On Translating Jean-Paul de Dadelsen
Marilyn Hacker is the recipient of a 2013 PEN/Heim Translation Fund grant for her translation of Jean-Paul de Dadelsen’s The Bridges of Budapest. Read an excerpt of the translation here.
I discovered the work of Jean-Paul de Dadelsen through a poem by Hédi Kaddour, entitled with the other poet’s name, in Kaddour’s collection Jamais une ombre simple, a hint in twenty-odd lines of the other poet’s preoccupations and his fate: music, a specific provincial landscape in recollection, “discordant” obscenity or scatology, and even more discordant cancer. Kaddour and his coeval Guy Goffette have numerous poems paying oblique tribute to other modern or contemporary writers who are not those even a French reading public knows best. It was because I’d read and translated Kaddour’s poem that, when I saw a collection of Dadelsen’s work on a bookshop’s tiny poetry shelf, I picked it up, leafed through it, bought it, read it. I began to render the work in English almost immediately, convinced by its hybrid energy, breadth of imagination, and audacity.
Jean-Paul de Dadelsen was born in Strasbourg, Alsace, in 1913. His studies were in German literature, with a special interest in German Romanticism. He fought with the French Army until the defeat of 1940, and was decorated for bravery. After teaching German literature in Oran, he joined de Gaulle’s Free French Army in London as a paratrooper in 1942, after which he served in the Free French Provisional Government in London. He was a correspondent for Albert Camus’ newspaper Combat, having met Camus in Algeria. He was a journalist for the BBC’s French Service after the war, worked with the International Press Institute in Zurich, and became involved in Jean Monnet’s movement for a unified Europe, precursor of the European Union.
Though Dadelsen had written poetry as a student, and indeed theorized on it in letters to his uncle, he had abandoned it until he resumed, seriously, in his thirties. His first published poetic work, the sequence “Bach in Autumn,” appeared in the Nouvelle Revue Française in 1955. Other poems, including the “Invocation” to the Jonah sequence and “The Last Night of the Pharmacist’s Wife,” part of a suite conceived as a symphonic elegy for the poet’s mother, were published in journals in the following two years.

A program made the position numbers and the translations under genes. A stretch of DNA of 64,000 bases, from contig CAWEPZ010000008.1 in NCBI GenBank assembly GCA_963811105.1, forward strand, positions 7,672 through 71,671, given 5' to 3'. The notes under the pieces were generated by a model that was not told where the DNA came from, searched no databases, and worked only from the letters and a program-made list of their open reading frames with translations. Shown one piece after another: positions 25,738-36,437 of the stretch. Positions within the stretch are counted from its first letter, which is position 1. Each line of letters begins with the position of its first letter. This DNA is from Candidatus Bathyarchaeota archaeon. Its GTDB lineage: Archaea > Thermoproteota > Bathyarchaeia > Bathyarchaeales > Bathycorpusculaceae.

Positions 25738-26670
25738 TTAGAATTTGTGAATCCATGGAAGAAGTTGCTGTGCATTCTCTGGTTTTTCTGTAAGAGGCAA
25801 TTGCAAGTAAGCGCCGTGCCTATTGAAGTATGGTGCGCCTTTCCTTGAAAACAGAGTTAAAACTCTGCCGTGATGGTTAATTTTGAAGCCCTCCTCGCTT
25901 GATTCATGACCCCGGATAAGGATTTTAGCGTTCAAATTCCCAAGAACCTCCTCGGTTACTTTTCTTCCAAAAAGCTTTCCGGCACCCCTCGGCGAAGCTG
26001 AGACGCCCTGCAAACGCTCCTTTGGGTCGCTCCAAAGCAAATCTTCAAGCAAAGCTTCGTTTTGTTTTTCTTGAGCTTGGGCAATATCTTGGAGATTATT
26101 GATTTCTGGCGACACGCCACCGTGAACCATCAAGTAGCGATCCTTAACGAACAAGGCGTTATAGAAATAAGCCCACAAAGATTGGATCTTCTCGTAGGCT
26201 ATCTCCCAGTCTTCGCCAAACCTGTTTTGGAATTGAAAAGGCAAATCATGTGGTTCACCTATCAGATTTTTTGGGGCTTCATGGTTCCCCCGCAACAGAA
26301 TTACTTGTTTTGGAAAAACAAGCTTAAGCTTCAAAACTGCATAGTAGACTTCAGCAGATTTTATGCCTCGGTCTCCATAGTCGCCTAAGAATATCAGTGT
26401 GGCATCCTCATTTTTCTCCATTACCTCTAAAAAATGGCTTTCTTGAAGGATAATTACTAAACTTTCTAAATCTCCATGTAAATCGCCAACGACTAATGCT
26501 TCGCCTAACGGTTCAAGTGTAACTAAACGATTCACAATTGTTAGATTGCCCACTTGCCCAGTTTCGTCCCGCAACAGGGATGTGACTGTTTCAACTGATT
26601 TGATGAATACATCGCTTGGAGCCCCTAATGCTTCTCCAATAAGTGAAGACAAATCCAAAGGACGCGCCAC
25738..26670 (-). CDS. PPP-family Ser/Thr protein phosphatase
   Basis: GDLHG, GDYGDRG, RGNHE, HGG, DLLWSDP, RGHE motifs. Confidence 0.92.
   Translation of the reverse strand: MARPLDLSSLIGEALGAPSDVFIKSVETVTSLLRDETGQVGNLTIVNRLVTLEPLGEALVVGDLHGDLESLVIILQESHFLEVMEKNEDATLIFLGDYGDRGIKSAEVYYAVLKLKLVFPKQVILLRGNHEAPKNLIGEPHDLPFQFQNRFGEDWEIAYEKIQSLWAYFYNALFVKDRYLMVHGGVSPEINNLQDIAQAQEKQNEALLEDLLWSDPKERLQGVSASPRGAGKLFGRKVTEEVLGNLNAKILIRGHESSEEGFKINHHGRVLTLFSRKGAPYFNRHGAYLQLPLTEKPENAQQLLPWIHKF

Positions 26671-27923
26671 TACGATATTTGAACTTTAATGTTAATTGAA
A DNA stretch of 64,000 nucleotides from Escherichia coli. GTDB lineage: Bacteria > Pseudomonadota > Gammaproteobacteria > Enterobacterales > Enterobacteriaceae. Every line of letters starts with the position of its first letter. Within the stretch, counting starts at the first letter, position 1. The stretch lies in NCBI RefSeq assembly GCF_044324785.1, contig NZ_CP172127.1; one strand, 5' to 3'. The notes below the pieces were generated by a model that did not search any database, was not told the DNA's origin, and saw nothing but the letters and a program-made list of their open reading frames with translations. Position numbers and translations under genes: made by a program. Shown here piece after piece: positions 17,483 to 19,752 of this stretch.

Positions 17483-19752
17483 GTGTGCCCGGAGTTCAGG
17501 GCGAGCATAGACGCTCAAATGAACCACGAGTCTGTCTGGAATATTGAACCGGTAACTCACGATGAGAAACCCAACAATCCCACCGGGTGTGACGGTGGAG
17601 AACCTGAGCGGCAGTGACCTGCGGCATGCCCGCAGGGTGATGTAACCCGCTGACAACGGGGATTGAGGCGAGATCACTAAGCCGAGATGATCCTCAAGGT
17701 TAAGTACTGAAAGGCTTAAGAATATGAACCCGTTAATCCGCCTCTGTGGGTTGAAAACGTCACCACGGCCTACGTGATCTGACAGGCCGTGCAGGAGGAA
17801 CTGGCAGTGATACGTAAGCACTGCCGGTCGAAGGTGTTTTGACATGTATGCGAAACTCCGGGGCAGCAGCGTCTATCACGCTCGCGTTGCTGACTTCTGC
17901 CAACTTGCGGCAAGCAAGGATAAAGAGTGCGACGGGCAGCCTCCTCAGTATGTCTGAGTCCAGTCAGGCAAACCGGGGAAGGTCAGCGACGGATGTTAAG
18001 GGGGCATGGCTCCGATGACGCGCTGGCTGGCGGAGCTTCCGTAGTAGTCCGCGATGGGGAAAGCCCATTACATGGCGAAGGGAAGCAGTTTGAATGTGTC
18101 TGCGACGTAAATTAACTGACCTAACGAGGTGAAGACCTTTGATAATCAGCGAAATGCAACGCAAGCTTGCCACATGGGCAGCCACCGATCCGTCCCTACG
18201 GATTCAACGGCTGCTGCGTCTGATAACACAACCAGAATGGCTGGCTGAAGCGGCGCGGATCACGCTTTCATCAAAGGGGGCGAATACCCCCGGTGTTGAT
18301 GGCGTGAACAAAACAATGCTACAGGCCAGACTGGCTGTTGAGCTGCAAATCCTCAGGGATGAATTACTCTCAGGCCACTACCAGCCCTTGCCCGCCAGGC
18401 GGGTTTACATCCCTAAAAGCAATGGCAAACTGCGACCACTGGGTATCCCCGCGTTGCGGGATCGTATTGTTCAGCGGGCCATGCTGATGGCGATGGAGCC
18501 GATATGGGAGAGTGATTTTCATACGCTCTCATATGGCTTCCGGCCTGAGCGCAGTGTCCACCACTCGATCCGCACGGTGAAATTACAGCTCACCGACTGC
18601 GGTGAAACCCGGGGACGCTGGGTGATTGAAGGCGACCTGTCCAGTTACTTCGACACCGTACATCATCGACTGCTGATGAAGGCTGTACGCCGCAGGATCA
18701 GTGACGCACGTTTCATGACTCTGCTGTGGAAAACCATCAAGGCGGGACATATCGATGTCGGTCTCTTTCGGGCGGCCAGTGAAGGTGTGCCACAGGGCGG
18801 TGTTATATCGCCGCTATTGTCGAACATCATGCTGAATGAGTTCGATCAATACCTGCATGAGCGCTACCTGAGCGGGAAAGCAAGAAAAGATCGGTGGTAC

Dadelsen died of a brain tumor (as had his mother two years earlier) in Zurich in 1957 at the age of 44. Most of his work, largely written between 1952 and his death in 1957, was published posthumously. The collection entitled Jonah was published in 1962, edited by Dadelsen’s friend François Duchêne, a literary critic and colleague working with Jean Monnet, with a preface by the poet Henri Thomas. Goethe in Alsace, another collection of poems and essays, accompanied by reflections on Dadelsen by his contemporaries, was published in 1982. His complete poems (excepting juvenilia) were published in the Poésie Gallimard series in 2005.
One can see Dadelsen as an heir of Apollinaire; one can also see the influence of his English years and of Auden and MacNeice (who was probably a colleague at the BBC). The literary critical writing he did is on the German Romantics. His work is admired by contemporary French poets like Kaddour, Goffette and Jacques Darras—who, citing him recently in a discussion of Apollinaire, made a connection I had thought of myself, between the work of Dadelsen and that of the Romanian-French poet Benjamin Fondane, who lived and wrote in Paris, and died at Auschwitz. Free of schools, cliques and manifestoes, Dadelsen (like Fondane) draws on the poetic traditions of at least three languages, writes as a man open to, and subjected to, history on the public and the private scale.